Fix That Leak in Your Digital Plumbingby
Digital plumbing is one of several tech trends that are not only permeating the accounting industry – and, subsequently, the entire business world – but that are also changing the way we handle data and its interconnectivity.
As we know, technology upends everything from transportation to accounting, and no one has been left unaffected. Whether you’ve appreciated this reality for years or you’re just waking up to it, code is the undercurrent of a future-forward accounting practice.
While we don’t all have to become developers (yet), there’s an increasing demand for people to be “code competent.” As is suggested in a 2015 PwC report, courses that teach basic programming skills using common coding languages like Java and Python could become staples of accounting students’ curriculum.
Automated data collection and processing systems empower companies to use their information more effectively. And because data plays such an important role in how businesses are able to market to and serve their customers, a digital plumbing strategy is a key ingredient to any business’s competitive advantage.
But these systems are complex integrated environments that you run your entire business on, and as Doug Sleeter, founder of The Sleeter Group, noted during one of the presentations at SleeterCon 2015 in regard to the development work of integration, “It’s hard bloody code to write.”
As an accounting advisor concerned with your clients’ digital plumbing, you don’t need to know how to build application program interfaces (APIs) from the ground up, nor must you know your way around a software development kit. However, you should at least understand the language and some of the concepts your developers deal with when building applications. This way, you’ll be able to enter into a macrolevel discourse on working with data to understand how these technology products translate into action within a business’s system.
Fortunately, becoming developer-literate doesn’t require you to study the nitty-gritty rules of programming languages (though I do suggest checking out courses like “Getting Started With Programming” at Codecademy to get a basic understanding.) Most importantly, it’s about answering questions critical to good product design, like “What are we trying to build?” “What problem does that solve for your customer?” and “How will your customer engage with that platform in a way that is easy and impactful?”
Accountants and other nondeveloper professionals will increasingly be held accountable for their roles in data collection and management, especially as tools facilitate improved collaboration. Think about it like this: Business owners have access to countless apps that will help them manage everything from their accounting to their HR needs. But as helpful as these apps are on their own, trying to manage them all individually is unwieldy.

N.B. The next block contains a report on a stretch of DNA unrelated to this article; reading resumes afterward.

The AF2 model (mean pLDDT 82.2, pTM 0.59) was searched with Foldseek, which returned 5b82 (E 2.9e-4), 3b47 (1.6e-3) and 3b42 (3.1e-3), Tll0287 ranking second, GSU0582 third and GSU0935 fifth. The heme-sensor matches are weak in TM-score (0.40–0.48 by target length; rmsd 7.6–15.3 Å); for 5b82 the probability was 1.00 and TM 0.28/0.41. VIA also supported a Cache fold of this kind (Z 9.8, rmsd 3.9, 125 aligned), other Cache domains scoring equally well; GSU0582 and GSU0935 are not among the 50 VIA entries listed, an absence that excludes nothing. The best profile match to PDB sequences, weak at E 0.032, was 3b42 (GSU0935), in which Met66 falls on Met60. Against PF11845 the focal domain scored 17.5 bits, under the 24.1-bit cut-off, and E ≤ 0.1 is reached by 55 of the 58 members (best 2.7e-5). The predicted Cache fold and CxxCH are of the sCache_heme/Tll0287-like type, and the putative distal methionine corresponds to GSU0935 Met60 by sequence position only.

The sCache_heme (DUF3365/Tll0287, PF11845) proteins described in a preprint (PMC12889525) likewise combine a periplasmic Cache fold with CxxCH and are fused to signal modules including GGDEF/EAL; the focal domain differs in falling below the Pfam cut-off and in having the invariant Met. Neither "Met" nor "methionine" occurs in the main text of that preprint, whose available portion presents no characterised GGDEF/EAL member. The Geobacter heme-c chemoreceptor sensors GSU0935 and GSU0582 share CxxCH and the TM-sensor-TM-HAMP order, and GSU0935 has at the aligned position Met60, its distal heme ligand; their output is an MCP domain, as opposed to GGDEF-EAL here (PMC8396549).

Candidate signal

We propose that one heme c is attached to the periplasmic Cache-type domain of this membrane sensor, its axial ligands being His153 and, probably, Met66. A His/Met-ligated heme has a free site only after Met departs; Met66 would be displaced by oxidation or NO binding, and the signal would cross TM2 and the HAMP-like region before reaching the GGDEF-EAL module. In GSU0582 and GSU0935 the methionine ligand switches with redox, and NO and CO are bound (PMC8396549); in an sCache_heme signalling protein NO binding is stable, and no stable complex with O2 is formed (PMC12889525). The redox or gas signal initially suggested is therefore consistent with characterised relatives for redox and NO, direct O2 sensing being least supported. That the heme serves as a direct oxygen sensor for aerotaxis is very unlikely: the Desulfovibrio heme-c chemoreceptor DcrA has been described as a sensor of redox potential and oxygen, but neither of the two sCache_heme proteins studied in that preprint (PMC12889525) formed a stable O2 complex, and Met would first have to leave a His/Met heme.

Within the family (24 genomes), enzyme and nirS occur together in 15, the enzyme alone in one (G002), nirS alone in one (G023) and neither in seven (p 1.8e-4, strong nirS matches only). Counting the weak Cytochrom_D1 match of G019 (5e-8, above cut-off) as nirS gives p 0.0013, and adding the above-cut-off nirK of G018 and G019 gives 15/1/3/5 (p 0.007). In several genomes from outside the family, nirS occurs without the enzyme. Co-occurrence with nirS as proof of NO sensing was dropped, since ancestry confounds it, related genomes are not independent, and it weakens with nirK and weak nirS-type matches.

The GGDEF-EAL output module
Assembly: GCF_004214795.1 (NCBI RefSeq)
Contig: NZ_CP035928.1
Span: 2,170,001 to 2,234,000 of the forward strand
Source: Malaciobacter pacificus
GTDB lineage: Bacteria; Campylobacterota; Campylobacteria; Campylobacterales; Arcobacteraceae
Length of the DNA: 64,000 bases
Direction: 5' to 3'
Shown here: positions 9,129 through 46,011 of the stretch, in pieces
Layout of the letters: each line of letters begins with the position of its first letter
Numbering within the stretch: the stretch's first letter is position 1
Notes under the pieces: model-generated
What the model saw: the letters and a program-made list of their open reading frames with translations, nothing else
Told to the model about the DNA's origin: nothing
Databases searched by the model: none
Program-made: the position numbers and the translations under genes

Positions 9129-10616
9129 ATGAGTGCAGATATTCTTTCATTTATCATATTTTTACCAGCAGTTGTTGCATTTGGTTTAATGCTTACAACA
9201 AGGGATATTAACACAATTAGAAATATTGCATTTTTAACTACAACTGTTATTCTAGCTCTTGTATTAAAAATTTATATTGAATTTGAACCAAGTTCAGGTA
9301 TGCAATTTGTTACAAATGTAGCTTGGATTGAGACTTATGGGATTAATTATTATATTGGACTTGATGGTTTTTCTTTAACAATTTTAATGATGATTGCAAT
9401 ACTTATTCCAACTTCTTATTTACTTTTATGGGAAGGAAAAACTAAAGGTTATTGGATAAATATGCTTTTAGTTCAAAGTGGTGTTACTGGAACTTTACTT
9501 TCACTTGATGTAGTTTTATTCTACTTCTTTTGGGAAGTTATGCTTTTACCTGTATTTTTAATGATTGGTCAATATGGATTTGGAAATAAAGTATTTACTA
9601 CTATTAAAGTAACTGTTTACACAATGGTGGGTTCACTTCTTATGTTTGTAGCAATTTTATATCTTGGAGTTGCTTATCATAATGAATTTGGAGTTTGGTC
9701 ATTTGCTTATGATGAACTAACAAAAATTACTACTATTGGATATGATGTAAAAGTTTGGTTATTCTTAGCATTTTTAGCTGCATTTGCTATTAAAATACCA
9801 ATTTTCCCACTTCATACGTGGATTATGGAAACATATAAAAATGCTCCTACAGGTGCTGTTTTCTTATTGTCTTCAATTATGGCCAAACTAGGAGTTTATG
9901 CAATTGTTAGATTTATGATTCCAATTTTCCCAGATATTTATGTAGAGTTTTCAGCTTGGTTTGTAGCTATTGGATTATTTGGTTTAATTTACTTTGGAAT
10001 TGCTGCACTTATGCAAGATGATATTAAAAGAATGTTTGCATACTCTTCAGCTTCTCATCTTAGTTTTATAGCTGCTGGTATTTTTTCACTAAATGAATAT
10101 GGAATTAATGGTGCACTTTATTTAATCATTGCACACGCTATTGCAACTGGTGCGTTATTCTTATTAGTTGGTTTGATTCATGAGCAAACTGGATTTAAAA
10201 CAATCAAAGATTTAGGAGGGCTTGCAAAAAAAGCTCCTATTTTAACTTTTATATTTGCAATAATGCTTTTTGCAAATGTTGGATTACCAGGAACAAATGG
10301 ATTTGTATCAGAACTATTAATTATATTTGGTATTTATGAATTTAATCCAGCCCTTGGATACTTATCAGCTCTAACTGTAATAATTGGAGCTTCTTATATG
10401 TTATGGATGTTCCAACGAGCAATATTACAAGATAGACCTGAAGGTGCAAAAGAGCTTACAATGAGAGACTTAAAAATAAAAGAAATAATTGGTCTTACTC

The switching costs can be astronomical, which is what makes an integration platform so valuable. However, it’s nearly impossible to find and use one of these platforms as is. Every company’s workflow is different, after all.
Integration platforms such as Workato, IFTT, Zapier, itDuzzit and others offer a cost-effective solution for integrating all of your apps and processes in a way that makes sense to you. This means accountants don’t have to go into the back end and hard code themselves.
Integration Is the Future – Who Will Take the First Step?
No matter how excellent a standalone service is, it won’t survive the age of integration if it doesn’t adapt to the shifting needs of a growing business. However, this creates a catch-22. Software companies know that integration leads to better customer retention, so of course they want to be proactive in partner integrations.
But most are simply not in the business of integration, yet integration presents both a challenge and an opportunity for tech companies across the board. They may need to build integrations to stay competitive, even though that’s not their core business.
Accountants in particular have a real opportunity to make an impression with digital plumbing. The Pareto Principle tells us that we often spend 80 percent of our time producing data and only 20 percent of our time reviewing it. We’re trying to flip that equation to better serve our clients.
By setting up these systems and perfecting different recipes, you’re at the forefront of a movement to improve your industry. You’re making clients happier and setting new best practice standards in your field.
And that is the moral of this story: Accounting folks need to put on their technologist hats and think about how their roles are a part of the discourse on handling data. When some accountants first hear the term “digital plumbing,” they think it dehumanizes their jobs.
But having a great data management and workflow process simply allows humans to interact more effectively with technology. Implementing a digital plumbing strategy isn’t about removing people-to-people interactions; it’s about solving this last-mile problem.
The original post appeared on the Sleeter Group blog. AccountingWEB and Accountex have partnered to bring you this content as we share a belief in the furtherment of the profession through greater insights.â